How can I start the process? I look to the Tanach and I see many beautiful examples of how I can purify my life . The first step, says the Slonimer, is to take a candle. We look for our “chametz” on the 14th at night with a candle. “Ki ner Hashem nishmat adam,” because the candle of God is the soul of man (Mishlei 20.27). I need to go inside myself and look for the deep message and revelation that my soul can offer me right now.
I need to seek out and be rid not only the “chametz, the leaven, my haughtiness which grows inside of me like bread rising,” but also the “se’or,” the yeast. That is the part of my character which constantly looks for ways to make myself big and important. It is the element of character which “blows up” the “chametz” in me. “For seven days you shall find no yeast in your homes” (Shmot 12.19). I need to get rid of the stuff which I am clearly aware of as well as those aspects of my character that I have conveniently learned to hide from my consciousness.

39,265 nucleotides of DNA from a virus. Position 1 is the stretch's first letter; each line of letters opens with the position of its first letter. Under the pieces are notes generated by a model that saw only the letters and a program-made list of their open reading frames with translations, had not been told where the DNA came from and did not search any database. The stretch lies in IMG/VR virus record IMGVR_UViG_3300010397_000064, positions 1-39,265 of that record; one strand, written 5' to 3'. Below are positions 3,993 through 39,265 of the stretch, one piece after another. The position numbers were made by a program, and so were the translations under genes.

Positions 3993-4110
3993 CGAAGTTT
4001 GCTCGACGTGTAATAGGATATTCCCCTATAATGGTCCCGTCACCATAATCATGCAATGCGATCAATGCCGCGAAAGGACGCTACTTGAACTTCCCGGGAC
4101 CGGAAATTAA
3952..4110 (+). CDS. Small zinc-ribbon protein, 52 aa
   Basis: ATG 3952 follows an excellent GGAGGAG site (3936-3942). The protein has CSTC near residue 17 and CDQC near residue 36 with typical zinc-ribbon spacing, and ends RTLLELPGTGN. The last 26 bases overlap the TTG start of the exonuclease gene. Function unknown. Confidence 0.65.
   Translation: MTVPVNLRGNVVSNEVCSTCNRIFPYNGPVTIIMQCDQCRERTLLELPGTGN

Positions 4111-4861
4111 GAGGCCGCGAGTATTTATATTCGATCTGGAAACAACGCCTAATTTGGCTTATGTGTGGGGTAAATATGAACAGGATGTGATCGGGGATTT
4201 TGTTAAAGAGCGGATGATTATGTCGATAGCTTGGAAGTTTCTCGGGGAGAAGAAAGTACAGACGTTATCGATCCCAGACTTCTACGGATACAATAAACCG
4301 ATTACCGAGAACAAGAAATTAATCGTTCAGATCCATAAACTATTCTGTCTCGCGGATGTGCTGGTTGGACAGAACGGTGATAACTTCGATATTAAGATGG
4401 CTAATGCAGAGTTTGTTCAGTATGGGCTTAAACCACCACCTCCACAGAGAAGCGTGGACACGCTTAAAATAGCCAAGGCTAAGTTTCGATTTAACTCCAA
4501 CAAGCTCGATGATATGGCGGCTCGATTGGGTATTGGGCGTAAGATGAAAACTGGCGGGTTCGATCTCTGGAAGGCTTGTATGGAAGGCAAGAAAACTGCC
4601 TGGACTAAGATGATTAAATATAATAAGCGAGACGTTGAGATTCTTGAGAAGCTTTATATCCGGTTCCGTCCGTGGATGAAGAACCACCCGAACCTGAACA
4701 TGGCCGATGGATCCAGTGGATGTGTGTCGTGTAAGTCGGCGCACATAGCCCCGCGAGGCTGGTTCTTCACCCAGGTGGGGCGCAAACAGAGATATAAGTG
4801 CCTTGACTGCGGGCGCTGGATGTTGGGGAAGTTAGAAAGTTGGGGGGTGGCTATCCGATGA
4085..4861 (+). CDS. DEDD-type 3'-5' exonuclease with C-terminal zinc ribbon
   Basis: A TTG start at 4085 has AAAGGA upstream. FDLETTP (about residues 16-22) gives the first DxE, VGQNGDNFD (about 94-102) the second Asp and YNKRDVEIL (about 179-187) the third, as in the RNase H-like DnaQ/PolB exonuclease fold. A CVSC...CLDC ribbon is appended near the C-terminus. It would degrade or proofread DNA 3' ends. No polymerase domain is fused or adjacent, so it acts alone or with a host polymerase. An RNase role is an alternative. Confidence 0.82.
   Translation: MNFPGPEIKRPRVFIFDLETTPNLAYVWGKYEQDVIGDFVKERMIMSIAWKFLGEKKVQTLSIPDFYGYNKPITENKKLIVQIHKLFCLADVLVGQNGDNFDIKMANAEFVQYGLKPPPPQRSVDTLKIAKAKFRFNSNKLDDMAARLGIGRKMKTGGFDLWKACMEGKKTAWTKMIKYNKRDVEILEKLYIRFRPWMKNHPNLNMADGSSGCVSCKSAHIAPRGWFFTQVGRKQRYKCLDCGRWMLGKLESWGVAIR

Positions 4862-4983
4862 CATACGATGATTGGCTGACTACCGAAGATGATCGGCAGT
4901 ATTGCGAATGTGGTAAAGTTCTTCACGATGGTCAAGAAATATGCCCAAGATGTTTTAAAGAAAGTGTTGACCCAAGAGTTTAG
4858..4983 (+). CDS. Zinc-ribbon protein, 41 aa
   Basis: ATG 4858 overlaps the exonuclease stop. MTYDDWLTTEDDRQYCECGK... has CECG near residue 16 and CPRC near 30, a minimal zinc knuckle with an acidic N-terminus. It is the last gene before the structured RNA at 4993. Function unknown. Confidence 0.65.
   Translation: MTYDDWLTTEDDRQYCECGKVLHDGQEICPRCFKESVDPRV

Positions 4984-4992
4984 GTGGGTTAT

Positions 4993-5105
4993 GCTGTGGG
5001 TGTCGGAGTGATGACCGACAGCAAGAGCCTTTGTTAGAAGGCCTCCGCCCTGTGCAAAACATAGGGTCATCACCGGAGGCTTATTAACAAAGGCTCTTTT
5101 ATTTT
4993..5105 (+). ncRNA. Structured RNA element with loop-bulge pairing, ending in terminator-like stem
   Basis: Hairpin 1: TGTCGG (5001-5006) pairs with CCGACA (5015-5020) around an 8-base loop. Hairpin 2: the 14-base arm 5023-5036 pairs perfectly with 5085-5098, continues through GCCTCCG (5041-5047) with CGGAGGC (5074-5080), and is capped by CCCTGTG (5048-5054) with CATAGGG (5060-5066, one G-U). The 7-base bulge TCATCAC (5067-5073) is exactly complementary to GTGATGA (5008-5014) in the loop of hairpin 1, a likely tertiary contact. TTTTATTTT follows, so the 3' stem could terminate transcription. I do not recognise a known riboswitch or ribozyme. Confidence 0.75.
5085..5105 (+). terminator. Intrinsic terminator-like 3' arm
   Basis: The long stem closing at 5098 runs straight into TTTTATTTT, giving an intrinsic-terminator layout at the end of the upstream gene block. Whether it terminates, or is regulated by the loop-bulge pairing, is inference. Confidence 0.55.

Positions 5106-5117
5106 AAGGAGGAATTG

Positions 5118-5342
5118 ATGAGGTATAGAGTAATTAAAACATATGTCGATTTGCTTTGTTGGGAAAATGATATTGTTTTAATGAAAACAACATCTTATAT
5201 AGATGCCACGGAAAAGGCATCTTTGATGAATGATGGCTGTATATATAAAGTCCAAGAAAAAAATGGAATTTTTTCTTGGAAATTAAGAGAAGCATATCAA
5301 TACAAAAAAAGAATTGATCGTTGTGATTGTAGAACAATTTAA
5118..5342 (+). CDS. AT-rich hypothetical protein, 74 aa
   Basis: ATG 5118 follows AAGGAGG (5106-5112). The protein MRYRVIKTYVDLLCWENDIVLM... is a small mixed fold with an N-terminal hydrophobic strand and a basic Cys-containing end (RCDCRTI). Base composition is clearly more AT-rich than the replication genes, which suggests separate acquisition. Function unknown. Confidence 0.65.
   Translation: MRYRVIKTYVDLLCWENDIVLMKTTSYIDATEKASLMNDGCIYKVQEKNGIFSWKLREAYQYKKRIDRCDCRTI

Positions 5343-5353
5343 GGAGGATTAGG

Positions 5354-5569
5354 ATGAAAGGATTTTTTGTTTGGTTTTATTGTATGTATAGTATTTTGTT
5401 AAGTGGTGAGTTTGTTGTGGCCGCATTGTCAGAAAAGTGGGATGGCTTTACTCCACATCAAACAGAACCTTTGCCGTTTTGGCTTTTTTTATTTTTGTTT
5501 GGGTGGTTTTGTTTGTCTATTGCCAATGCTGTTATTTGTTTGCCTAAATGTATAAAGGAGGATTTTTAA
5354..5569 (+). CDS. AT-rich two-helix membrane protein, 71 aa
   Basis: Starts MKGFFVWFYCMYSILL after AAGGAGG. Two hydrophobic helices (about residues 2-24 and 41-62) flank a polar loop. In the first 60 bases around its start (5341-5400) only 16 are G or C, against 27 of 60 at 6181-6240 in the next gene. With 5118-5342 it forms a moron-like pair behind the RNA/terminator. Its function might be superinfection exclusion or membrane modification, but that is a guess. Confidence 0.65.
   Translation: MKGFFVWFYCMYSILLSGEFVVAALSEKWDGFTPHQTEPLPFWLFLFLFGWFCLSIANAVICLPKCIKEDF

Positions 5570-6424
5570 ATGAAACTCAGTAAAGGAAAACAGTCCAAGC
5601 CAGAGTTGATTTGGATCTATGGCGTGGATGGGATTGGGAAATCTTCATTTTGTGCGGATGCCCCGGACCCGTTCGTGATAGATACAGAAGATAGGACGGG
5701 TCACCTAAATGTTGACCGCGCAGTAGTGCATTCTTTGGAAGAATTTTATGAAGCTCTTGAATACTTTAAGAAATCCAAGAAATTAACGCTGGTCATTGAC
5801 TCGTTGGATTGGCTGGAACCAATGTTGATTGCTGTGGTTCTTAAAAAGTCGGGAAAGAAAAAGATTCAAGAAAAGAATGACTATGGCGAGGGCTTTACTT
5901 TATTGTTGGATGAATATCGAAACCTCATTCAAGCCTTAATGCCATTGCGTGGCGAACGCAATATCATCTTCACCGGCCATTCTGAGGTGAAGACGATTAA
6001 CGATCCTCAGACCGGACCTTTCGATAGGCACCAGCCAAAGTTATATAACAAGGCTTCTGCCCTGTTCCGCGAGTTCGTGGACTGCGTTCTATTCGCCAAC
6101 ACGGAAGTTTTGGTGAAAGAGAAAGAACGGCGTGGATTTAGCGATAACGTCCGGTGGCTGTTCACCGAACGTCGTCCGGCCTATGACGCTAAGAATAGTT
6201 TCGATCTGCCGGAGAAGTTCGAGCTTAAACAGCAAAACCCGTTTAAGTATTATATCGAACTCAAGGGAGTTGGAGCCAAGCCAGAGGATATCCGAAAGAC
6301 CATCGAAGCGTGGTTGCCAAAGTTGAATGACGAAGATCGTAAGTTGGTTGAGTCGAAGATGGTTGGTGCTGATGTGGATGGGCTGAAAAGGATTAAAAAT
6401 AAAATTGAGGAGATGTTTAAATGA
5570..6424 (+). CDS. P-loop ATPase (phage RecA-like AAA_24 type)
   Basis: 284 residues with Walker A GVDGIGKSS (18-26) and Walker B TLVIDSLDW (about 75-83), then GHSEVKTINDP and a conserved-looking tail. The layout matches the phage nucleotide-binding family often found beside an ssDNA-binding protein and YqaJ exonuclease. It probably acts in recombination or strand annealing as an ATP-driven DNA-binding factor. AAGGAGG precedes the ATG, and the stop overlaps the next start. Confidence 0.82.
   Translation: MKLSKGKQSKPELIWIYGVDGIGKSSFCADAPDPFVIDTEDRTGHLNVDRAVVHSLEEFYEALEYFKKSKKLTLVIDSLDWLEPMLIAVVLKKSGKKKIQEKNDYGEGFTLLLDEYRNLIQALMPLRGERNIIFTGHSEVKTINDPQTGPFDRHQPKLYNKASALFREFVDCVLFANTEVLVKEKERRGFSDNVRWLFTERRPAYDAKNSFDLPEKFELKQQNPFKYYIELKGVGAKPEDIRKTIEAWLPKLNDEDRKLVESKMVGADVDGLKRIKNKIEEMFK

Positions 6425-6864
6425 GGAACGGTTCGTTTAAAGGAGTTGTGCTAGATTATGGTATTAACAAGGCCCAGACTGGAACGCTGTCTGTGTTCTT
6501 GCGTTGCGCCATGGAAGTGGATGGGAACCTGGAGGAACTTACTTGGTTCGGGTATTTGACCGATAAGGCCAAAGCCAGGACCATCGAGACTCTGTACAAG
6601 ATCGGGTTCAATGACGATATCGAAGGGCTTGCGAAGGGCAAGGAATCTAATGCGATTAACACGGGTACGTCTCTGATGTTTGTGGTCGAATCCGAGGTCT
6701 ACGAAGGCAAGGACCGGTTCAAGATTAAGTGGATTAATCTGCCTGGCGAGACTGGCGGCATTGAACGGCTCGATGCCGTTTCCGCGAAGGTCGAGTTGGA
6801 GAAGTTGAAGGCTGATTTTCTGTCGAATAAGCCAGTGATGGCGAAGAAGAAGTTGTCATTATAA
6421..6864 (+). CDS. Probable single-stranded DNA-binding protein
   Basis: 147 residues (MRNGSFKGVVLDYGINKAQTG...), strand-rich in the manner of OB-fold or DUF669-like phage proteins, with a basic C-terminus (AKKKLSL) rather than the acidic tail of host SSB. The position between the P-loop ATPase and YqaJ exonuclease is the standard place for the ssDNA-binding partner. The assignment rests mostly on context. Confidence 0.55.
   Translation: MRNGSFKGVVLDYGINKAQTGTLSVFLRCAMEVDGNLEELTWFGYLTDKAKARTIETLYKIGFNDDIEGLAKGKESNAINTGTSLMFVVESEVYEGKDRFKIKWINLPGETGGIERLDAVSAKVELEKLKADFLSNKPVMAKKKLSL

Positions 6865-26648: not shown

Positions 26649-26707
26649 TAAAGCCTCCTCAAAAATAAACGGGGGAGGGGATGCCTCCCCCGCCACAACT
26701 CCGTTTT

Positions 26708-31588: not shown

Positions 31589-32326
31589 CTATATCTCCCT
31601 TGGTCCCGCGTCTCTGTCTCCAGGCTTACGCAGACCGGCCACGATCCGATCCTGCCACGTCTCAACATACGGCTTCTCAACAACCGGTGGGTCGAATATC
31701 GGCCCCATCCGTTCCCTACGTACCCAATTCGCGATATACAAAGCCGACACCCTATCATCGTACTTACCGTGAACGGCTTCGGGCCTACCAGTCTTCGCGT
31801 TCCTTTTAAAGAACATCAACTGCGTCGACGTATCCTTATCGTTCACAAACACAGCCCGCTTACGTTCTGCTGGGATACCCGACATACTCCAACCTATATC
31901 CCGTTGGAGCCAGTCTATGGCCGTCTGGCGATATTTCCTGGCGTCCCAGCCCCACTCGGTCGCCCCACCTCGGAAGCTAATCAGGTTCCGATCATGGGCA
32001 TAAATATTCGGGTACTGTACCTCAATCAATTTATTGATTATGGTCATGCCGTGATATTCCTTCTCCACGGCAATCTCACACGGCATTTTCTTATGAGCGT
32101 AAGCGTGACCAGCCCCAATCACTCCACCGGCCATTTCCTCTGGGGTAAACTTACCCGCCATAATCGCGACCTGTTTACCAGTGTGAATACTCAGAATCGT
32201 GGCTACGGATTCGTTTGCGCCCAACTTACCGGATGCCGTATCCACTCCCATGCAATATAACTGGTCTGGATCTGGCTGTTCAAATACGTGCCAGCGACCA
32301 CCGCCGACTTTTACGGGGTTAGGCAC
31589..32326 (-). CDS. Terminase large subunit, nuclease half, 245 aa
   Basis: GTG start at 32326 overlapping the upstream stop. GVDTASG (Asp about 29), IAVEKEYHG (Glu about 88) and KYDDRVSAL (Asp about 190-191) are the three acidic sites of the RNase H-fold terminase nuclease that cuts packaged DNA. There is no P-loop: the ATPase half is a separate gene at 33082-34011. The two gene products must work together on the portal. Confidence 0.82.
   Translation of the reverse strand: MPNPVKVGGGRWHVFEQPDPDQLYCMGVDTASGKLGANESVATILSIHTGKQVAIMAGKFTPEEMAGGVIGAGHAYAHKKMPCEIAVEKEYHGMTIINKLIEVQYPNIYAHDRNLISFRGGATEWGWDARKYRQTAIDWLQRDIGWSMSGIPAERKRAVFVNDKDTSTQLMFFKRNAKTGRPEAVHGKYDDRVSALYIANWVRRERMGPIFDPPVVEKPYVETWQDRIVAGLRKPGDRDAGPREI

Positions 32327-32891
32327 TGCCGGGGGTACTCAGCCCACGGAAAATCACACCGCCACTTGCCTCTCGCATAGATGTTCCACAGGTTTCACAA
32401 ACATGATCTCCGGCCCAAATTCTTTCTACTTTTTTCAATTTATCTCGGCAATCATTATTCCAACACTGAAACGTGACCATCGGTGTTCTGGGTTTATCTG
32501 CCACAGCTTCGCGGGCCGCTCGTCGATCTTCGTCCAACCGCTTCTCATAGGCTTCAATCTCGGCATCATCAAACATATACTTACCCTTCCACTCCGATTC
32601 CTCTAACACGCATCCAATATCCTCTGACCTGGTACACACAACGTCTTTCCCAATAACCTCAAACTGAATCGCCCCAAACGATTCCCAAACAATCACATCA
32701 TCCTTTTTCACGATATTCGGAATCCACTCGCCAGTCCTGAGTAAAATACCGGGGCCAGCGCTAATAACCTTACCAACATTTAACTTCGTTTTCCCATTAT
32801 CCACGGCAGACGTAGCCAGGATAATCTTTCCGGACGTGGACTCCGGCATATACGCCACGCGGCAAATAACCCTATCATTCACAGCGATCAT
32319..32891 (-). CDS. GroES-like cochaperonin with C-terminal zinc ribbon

Now and right now, I need to replace that behavior and character which I will, with God’s help, clean out with a dedicated heart. I need to strengthen all of the “heart mitzvot,” which Hashem commanded me, which serve to help make me a better person and thus a more beautiful representative of Am Yisrael in the world. Strengthen my belief in God, actualize it and apply to my daily life as a reality and not merely a philosophy. Heighten every aspect of my relationship with Hashem. My awe of Hashem and my desire to connect to that love relationship from my side, and of course with “Ahavat Yisrael,” love for all of my fellow Jewish family members and increase my love of all mankind. All of this will heighten my channels to cling to my Creator.